I think Jesse Ventura won in no small part because of an editorial in the StarTribune the Sunday before the election that basically said "This sure has been fun with the wacky ads and everything, but it's time to get serious and vote for a real candidate."

I know at least a dozen people whose reaction to that was "Fuck you, now I'm really voting for Jesse".
posted by chazlarson at 3:07 PM on October 26, 2013


he wanted to establish a Lauraist homeland that would be a piece of land with a 100 mile radius centered on Minneapolis

as far as i know this is already the case
posted by gerstle at 3:13 PM on October 26, 2013 [2 favorites]


The video linked here is a pretty fun watch for anyone, even non-Minnesotans.

The elections in the two twin cities are pretty simple after you cut through the insanity.

In St. Paul, there is only one viable candidate, Chris Coleman, and all you have to do is watch the video to understand how awesome he is, and that he was gracious enough to not only sit through that candidates forum but to be so respectful of them even though they were pretty nutso. Also, he put up rainbow flags across the major bridges in St. Paul after same-sex marriage was passed, so moar awesome.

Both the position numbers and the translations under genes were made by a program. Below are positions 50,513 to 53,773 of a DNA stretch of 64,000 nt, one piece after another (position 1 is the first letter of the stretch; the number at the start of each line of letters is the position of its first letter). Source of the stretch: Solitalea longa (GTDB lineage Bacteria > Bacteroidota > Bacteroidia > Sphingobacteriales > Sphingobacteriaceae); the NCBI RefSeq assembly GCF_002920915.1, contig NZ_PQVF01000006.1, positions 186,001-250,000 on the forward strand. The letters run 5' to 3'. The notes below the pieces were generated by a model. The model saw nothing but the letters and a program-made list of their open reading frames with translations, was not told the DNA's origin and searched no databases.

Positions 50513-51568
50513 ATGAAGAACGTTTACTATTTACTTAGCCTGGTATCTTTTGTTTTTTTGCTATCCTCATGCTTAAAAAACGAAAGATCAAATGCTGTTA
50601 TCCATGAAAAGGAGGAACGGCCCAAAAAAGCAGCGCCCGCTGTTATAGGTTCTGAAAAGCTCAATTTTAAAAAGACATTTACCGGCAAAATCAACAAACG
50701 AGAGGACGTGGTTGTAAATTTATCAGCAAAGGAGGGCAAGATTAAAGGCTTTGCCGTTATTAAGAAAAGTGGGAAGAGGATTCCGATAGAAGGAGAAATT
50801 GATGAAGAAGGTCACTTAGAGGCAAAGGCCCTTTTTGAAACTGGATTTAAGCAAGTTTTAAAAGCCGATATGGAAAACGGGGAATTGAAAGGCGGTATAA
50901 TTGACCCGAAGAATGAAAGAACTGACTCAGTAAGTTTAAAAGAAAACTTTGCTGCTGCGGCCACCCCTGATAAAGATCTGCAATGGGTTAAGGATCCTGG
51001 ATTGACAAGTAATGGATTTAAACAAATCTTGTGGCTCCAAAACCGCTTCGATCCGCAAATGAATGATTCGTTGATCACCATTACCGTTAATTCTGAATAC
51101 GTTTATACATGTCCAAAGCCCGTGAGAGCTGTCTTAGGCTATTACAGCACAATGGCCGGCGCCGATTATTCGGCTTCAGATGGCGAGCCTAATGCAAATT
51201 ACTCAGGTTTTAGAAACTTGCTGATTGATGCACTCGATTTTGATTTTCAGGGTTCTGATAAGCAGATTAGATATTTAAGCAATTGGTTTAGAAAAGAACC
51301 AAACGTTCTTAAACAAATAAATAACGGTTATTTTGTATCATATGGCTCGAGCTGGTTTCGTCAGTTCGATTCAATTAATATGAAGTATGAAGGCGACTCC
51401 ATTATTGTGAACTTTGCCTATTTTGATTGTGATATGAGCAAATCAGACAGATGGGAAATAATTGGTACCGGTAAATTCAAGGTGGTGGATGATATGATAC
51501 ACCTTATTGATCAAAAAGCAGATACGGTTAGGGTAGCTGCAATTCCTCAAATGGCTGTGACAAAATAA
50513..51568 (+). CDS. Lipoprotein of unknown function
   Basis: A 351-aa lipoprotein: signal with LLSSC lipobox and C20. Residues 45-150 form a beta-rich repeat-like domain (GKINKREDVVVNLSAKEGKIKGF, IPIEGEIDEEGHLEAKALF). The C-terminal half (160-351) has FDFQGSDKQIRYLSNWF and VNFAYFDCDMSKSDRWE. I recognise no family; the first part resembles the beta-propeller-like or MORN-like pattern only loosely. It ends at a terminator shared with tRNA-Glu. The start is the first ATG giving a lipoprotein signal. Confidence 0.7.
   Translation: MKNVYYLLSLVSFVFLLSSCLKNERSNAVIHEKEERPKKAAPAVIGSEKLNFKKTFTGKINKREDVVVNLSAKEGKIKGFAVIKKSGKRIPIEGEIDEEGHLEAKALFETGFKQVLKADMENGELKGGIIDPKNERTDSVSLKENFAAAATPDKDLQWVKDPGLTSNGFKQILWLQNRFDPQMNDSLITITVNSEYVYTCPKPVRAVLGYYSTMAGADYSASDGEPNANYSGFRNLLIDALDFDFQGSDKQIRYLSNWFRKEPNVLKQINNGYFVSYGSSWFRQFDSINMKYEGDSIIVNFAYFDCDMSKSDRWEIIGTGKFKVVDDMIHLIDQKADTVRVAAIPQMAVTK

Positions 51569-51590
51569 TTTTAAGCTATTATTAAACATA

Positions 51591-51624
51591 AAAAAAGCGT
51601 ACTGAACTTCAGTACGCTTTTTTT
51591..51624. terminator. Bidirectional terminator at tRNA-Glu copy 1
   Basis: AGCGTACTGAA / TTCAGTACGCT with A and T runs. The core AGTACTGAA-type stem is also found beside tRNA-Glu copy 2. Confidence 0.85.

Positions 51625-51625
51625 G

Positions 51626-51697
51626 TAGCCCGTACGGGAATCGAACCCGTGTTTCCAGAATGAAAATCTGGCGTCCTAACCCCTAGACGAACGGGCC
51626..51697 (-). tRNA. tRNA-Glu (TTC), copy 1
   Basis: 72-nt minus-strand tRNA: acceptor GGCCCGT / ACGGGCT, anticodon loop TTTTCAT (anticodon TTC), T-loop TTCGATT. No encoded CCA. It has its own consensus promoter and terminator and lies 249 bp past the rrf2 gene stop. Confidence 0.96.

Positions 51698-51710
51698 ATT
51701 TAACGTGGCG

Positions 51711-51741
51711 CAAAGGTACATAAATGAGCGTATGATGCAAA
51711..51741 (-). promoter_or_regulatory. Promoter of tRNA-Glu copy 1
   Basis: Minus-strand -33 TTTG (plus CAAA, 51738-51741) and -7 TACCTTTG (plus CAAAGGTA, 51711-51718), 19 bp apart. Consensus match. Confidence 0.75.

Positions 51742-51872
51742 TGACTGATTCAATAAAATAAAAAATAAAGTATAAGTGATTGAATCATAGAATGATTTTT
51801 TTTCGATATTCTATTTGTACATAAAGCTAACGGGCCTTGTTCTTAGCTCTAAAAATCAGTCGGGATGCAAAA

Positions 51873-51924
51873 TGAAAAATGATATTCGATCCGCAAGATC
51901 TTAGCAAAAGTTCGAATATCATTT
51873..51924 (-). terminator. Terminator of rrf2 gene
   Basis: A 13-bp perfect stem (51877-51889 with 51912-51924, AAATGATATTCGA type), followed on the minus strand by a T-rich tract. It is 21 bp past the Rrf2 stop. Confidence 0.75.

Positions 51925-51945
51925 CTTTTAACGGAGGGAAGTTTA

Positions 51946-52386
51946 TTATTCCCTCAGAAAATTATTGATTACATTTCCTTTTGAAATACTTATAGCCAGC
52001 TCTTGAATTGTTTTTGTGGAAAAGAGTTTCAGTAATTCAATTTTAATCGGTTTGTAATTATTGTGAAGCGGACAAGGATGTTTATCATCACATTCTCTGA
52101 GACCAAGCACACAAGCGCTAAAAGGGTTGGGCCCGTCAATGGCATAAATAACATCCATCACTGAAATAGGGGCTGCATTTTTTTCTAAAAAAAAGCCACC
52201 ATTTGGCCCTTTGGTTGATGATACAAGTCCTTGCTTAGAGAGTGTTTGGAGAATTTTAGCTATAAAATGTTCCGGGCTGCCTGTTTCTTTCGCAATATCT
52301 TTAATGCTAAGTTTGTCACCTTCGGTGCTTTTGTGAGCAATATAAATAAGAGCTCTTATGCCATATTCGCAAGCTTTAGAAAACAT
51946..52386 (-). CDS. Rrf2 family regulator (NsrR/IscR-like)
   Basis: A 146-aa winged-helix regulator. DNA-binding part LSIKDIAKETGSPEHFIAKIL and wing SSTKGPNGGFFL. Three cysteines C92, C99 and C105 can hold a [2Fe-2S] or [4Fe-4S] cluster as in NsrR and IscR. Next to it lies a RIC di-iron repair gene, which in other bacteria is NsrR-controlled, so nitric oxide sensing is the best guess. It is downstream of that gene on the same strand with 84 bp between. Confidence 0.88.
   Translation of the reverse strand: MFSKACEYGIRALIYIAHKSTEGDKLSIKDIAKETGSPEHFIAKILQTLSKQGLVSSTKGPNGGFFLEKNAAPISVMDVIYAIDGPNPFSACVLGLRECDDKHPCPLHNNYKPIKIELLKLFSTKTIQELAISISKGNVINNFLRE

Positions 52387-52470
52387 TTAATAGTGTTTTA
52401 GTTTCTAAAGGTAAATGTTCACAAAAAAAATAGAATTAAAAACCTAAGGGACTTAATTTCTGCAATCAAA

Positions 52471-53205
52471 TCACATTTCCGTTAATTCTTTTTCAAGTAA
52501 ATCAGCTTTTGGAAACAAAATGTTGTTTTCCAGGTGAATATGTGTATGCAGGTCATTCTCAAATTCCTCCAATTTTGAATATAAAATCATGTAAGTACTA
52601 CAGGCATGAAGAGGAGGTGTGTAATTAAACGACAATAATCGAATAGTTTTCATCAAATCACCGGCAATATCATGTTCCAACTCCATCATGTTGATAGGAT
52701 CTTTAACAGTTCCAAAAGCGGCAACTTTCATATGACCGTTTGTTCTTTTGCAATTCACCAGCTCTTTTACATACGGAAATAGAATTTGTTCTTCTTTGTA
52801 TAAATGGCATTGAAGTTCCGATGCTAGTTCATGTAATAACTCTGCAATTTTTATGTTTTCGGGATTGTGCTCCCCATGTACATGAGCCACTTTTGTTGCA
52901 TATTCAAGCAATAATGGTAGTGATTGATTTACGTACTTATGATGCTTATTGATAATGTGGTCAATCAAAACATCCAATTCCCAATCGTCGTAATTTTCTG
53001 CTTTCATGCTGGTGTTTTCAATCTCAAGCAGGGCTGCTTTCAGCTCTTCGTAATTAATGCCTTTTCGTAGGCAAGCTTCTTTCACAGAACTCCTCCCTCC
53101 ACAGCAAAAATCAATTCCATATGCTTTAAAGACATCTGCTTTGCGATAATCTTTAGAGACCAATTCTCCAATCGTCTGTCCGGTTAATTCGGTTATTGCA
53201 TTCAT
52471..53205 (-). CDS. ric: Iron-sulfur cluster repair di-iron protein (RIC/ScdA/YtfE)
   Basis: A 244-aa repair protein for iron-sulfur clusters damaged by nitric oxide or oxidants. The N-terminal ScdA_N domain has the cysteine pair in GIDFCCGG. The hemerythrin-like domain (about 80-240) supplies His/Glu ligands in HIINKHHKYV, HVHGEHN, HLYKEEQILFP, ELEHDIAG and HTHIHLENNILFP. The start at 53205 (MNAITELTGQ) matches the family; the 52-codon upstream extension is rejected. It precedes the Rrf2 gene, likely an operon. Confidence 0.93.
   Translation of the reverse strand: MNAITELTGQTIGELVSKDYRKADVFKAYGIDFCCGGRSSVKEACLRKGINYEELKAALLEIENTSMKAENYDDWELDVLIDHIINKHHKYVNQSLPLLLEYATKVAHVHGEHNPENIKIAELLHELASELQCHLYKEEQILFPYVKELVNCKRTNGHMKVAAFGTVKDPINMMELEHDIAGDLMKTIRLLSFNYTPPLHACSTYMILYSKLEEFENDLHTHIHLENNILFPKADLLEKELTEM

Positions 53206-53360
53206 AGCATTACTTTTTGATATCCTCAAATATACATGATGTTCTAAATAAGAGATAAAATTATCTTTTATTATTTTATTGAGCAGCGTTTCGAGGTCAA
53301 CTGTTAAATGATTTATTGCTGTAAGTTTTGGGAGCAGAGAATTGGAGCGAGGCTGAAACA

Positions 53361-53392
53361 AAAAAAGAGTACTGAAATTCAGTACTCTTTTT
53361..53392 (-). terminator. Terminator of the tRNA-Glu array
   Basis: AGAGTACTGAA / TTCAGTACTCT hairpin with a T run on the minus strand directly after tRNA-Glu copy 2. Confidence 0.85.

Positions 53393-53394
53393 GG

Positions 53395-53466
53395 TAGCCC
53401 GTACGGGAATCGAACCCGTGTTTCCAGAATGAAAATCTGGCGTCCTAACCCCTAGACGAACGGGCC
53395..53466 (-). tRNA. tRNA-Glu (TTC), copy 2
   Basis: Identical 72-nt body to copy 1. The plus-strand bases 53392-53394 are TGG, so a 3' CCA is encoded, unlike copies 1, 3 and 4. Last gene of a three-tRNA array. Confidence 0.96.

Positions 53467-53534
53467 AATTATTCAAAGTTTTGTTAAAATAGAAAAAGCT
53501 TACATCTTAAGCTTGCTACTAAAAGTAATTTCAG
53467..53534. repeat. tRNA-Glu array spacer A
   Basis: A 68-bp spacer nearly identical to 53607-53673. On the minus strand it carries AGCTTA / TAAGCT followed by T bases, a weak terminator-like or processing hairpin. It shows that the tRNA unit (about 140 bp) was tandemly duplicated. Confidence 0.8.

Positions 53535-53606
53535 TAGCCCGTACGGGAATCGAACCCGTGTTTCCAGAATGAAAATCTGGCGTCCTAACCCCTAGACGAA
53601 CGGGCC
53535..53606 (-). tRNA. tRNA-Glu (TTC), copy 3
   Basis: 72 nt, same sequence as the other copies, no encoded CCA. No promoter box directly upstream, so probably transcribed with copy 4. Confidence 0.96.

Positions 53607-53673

In Minneapolis, there are 35 on the ballot but only a handful of viable candidates. Mark Andrew, Betsy Hodges, Dom Samuels, Bob Fine, and maaaaybe Cam Winton, Stephanie Woodruff and Jackie Cherrihomes. Winton is the only Republican in that group and may benefit from the new ranked voting instant runoff system, but winning as a non-Democrat in Minneapolis is nearly impossible.

I was in the Hodges camp but have been hedging since she came out in favor of the asinine feral cat feeding/trap-neuter-release ordinance. Samuels I like a lot, also Fine is good people. Mark Andrew is probably the front-runner but I feel like he's way more Political Machine than the rest and have reservations about him because of that. Will probably still go with Hodges, but because of ranked voting I can also throw in Samuels and Fine and feel like I helped take part in a very interesting and more economical way of electing government officials.
posted by mcstayinskool at 3:48 PM on October 26, 2013 [1 favorite]